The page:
You can find two phase, 4 wire info in 'The American Electricians' Handbook'. The only place I ever (once) had to work on it was a long....long time ago in Philadelphia in a bldg owned by Father Devine.
Two-phase electric power From Wikipedia, the free encyclopedia Jump to: navigation, search
A simplified diagram of a two-phase alternatorTwo-phase electrical power was an early 20th century polyphase alternating current electric power distribution system. Two circuits were used, with voltage phases differing by 90 degrees. Usually circuits used four wires, two for each phase. Less frequently, three wires were used, with a common wire with a larger-diameter conductor. Some early two-phase generators had two complete rotor and field assemblies, with windings physically offset by 90 electrical degrees to provide two-phase power. The generators at Niagara Falls installed in 1895 were the largest generators in the world at the time and were two-phase machines.
The advantage of two-phase electrical power was that it allowed for simple, self-starting electric motors. In the early days of electrical engineering, it was easier to analyze and design two-phase systems where the phases were completely separated.  It was not until the invention of the method of symmetrical components in 1918 that polyphase power systems had a convenient mathematical tool for describing unbalanced load cases. The revolving magnetic field produced with a two-phase system allowed electric motors to provide torque from zero motor speed, which was not possible with a single-phase induction motor (without extra starting means). Induction motors designed for two-phase operation use the same winding configuration as capacitor start single-phase motors.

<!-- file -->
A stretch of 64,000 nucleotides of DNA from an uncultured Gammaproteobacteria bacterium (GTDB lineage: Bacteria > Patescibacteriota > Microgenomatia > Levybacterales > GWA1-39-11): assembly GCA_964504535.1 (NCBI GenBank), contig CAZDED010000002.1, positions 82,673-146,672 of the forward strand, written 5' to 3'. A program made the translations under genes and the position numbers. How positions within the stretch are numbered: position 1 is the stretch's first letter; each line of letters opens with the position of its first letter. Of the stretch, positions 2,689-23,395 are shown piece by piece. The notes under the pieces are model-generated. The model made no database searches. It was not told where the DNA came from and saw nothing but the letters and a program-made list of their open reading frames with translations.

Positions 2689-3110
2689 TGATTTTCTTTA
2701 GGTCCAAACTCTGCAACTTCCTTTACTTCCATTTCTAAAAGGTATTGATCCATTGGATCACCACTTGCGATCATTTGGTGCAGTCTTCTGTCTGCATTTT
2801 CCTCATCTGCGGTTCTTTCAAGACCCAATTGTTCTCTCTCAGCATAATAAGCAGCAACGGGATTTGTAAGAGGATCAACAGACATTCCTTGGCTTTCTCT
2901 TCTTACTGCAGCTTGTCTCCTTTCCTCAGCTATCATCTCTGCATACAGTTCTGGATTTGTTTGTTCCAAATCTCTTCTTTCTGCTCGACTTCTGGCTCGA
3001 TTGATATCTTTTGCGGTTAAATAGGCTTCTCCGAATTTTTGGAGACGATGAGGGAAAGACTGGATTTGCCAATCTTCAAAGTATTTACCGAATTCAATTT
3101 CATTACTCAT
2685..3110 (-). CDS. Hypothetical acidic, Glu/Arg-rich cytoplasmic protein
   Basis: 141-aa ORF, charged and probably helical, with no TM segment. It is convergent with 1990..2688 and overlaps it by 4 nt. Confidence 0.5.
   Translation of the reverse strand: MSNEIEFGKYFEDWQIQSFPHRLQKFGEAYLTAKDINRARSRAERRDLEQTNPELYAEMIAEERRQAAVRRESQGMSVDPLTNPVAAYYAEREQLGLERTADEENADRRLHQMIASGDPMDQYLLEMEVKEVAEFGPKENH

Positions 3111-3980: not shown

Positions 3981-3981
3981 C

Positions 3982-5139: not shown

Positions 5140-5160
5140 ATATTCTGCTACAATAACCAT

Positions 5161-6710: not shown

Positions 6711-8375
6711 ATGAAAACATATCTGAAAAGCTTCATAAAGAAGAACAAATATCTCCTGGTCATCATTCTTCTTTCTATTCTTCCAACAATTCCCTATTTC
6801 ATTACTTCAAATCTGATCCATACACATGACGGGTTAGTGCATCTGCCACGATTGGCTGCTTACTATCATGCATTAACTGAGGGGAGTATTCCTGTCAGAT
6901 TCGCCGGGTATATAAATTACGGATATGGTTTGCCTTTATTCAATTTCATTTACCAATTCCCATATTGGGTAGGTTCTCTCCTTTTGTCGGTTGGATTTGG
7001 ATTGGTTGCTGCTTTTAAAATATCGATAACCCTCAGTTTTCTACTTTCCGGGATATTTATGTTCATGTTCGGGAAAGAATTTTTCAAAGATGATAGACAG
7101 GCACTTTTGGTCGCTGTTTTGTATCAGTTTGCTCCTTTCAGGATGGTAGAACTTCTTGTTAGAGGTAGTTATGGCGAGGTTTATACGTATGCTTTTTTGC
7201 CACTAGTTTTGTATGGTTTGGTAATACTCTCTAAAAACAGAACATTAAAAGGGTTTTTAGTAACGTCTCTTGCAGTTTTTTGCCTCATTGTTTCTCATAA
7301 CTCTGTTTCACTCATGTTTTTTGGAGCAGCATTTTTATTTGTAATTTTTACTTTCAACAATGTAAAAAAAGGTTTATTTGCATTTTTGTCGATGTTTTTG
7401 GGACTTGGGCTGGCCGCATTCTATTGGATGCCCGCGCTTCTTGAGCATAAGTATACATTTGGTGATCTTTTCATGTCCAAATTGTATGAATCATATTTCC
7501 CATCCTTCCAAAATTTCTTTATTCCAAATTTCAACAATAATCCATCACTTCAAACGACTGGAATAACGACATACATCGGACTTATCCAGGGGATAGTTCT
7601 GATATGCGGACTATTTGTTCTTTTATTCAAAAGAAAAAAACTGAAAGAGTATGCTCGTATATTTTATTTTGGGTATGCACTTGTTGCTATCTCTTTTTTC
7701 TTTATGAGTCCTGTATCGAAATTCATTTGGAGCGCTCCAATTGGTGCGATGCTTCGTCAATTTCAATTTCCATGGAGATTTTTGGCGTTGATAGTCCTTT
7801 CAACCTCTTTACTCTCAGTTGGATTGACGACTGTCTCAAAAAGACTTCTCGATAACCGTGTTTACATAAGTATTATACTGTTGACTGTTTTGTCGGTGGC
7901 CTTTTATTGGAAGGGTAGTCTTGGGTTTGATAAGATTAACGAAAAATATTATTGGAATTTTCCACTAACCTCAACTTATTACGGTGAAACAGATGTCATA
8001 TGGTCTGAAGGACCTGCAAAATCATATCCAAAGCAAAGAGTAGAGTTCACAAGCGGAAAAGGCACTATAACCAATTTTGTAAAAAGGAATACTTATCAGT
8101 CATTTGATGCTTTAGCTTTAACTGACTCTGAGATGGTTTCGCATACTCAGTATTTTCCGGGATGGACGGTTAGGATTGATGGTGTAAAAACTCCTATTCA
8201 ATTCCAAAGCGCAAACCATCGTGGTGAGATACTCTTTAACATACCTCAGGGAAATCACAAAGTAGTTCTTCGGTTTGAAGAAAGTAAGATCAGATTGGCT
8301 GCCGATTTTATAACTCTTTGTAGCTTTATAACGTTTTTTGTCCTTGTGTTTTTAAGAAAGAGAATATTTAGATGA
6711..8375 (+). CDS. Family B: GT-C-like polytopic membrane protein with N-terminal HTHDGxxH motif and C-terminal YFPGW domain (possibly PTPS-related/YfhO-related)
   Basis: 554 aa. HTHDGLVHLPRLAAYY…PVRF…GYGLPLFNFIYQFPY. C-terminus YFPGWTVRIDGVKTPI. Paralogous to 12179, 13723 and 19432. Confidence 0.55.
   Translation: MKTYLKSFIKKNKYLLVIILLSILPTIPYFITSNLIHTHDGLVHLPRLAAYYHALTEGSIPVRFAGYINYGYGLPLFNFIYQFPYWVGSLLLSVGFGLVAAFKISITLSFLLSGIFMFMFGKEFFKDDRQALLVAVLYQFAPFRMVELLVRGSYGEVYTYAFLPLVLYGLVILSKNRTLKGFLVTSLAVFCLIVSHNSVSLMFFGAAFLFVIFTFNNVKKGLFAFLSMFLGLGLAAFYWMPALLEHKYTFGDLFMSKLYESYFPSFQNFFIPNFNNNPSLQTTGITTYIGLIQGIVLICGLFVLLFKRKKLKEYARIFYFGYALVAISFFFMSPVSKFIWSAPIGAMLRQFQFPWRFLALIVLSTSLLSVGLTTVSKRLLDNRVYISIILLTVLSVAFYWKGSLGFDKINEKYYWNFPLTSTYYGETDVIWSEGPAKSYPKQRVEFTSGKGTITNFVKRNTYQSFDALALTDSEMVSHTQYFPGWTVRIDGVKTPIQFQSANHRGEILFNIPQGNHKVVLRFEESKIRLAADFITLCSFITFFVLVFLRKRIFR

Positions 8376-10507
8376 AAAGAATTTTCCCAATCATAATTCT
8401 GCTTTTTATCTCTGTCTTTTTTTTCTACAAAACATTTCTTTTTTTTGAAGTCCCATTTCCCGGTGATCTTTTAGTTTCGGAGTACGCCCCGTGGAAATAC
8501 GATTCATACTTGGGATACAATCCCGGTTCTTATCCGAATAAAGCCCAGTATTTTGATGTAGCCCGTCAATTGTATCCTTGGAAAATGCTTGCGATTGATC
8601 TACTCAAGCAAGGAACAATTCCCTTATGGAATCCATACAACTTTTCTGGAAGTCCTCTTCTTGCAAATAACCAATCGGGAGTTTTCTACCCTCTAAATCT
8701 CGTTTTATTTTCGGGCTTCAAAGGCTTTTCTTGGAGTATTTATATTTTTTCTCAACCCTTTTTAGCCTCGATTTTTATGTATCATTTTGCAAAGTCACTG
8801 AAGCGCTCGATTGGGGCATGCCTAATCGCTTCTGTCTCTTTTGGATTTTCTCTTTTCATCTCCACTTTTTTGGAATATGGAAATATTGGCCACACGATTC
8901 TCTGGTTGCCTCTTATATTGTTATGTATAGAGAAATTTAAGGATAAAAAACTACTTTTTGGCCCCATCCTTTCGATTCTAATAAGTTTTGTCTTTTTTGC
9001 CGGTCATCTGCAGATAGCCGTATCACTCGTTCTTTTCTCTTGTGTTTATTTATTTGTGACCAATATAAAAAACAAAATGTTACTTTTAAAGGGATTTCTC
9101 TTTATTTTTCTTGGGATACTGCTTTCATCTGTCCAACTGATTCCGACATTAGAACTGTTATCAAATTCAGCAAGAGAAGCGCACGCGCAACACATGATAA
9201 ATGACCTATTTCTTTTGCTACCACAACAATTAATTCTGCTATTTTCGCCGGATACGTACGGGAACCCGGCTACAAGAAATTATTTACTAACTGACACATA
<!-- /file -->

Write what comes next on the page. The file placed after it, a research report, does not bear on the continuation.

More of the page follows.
Three-phase electric power requires less conductor mass for the same voltage and overall amount of power, compared with a two-phase four-wire circuit of the same carrying capacity.  It has all but replaced two-phase power for commercial distribution of electrical energy, but two-phase circuits are still found in certain control systems.
Two-phase circuits typically use two separate pairs of current-carrying conductors. Alternatively, three wires may be used, but the common conductor carries the vector sum of the phase currents, which requires a larger conductor. Three phase can share conductors so that the three phases can be carried on three conductors of the same size. In electrical power distribution, a requirement of only three conductors rather than four represented a considerable distribution-wire cost savings due to the expense of conductors and installation.
Two-phase power can be derived from a three-phase source using two transformers in a Scott connection. One transformer primary is connected across two phases of the supply. The second transformer is connected to a center-tap of the first transformer, and is wound for 86.6% of the phase-to-phase voltage on the 3-phase system. The secondaries of the transformers will have two phases 90 degrees apart in time, and a balanced two-phase load will be evenly balanced over the three supply phases.
Three-wire, 120/240 volt single phase power used in the USA and Canada is sometimes incorrectly called "two-phase". The proper term is split phase or 3-wire single-phase
I've never worked with two phase myself, but have heard from others that have. Always in areas of PA. For one thing, they use 2 phase 5 wire for the most part, which is two sets of hots and a grounded neutral that is common to both sets. Apparently, the only time the "two phase" with all four hots is actually used is motors. Otherwise either set is used to power normal single phase panels for lights and receptacles. I guess they can still order 4 pole disconnects. There are even some local manufacturers in that area that custom make panels if needed.
If you get this job, I think everyone would love to see some pictures. (I know I would...)